When most Americans think about the Civil War, Kansas isn’t the first state that comes to mind. But one Kansas historian has dedicated much of his career to researching our state’s struggles and contribution during the war and throughout history.
Dr. Brian Craig Miller, professor of history at Emporia State University and a speaker for the Kansas Humanities Council, will discuss Kansas’ historical significance in a Constitution Day lecture at 7 p.m., Tuesday, Sept. 13, in the Davis Administration Building’s Alumni Auditorium on the Friends University campus.
Dr. Russell Arben Fox, director of Friends University’s political science program, will introduce Dr. Miller. A question-and-answer session will follow the lecture. Audience members are invited to join Dr. Miller for a reception after the event on the third floor of the Davis Administration Building.
The lecture, titled “How Much Did Kansas Really Bleed? Kansas, the Constitution, and the Civil War in History and Today,” includes a critical re-examination of how the Civil War affected the state of Kansas and why Kansas’ struggles have been largely ignored in American history.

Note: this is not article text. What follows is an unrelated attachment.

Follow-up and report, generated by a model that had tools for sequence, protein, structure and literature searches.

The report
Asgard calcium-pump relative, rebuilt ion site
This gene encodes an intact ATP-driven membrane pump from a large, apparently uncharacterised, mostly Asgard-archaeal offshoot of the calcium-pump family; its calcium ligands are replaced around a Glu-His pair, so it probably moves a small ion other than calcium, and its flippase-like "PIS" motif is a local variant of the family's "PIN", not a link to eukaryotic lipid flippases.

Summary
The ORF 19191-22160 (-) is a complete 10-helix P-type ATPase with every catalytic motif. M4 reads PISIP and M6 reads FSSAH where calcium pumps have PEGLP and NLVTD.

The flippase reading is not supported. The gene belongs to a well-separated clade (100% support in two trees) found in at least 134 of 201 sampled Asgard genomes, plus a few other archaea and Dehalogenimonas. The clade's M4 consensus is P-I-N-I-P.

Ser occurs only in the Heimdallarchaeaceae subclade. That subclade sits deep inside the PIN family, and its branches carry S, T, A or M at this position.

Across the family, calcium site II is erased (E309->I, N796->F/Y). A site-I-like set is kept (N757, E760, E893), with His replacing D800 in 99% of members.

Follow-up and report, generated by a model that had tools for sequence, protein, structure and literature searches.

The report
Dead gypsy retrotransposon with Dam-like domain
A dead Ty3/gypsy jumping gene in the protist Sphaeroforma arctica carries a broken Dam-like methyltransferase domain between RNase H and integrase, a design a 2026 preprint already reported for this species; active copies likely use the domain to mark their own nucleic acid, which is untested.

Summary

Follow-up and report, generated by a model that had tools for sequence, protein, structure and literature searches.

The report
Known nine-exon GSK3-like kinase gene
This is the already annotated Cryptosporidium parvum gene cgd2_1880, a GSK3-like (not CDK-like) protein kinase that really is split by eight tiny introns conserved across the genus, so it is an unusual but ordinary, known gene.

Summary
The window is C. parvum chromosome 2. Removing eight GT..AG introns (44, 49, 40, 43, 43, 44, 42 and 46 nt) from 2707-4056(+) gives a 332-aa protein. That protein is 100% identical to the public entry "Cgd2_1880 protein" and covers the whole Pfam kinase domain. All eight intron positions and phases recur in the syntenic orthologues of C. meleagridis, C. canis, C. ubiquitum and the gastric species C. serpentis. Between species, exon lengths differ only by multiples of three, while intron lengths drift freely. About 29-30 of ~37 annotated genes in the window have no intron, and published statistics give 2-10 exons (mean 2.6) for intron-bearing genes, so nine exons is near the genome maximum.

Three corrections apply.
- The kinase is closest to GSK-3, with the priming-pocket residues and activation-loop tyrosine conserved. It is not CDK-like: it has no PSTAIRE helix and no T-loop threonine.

“Recently, I re-watched the Ken Burns documentary on the Civil War and I was struck with how little attention Kansas received, other than its association with John Brown,” Miller said. “I wondered why Kansas and the border war with Missouri had been ignored. I constructed this presentation to explore why the Civil War struggle in Kansas had been diminished in the larger collective memory of the American Civil War.”
Dr. Miller has researched, published, and lectured extensively about the public memory of the Civil War, including his books, “The American Memory: Americans and Their History to 1877” and “John Bell Hood and the Fight for Civil War Memory.”
This Constitution Day lecture is free and open to the public, made possible by the Kansas Humanities Council and the Garvey Institute of Law.
For more information, please contact Dixie Madden at 316-295-5611 or email@example.com. For more information about KHC programs contact the Kansas Humanities Council at 785-357-0359 or visit www.kansashumanities.org.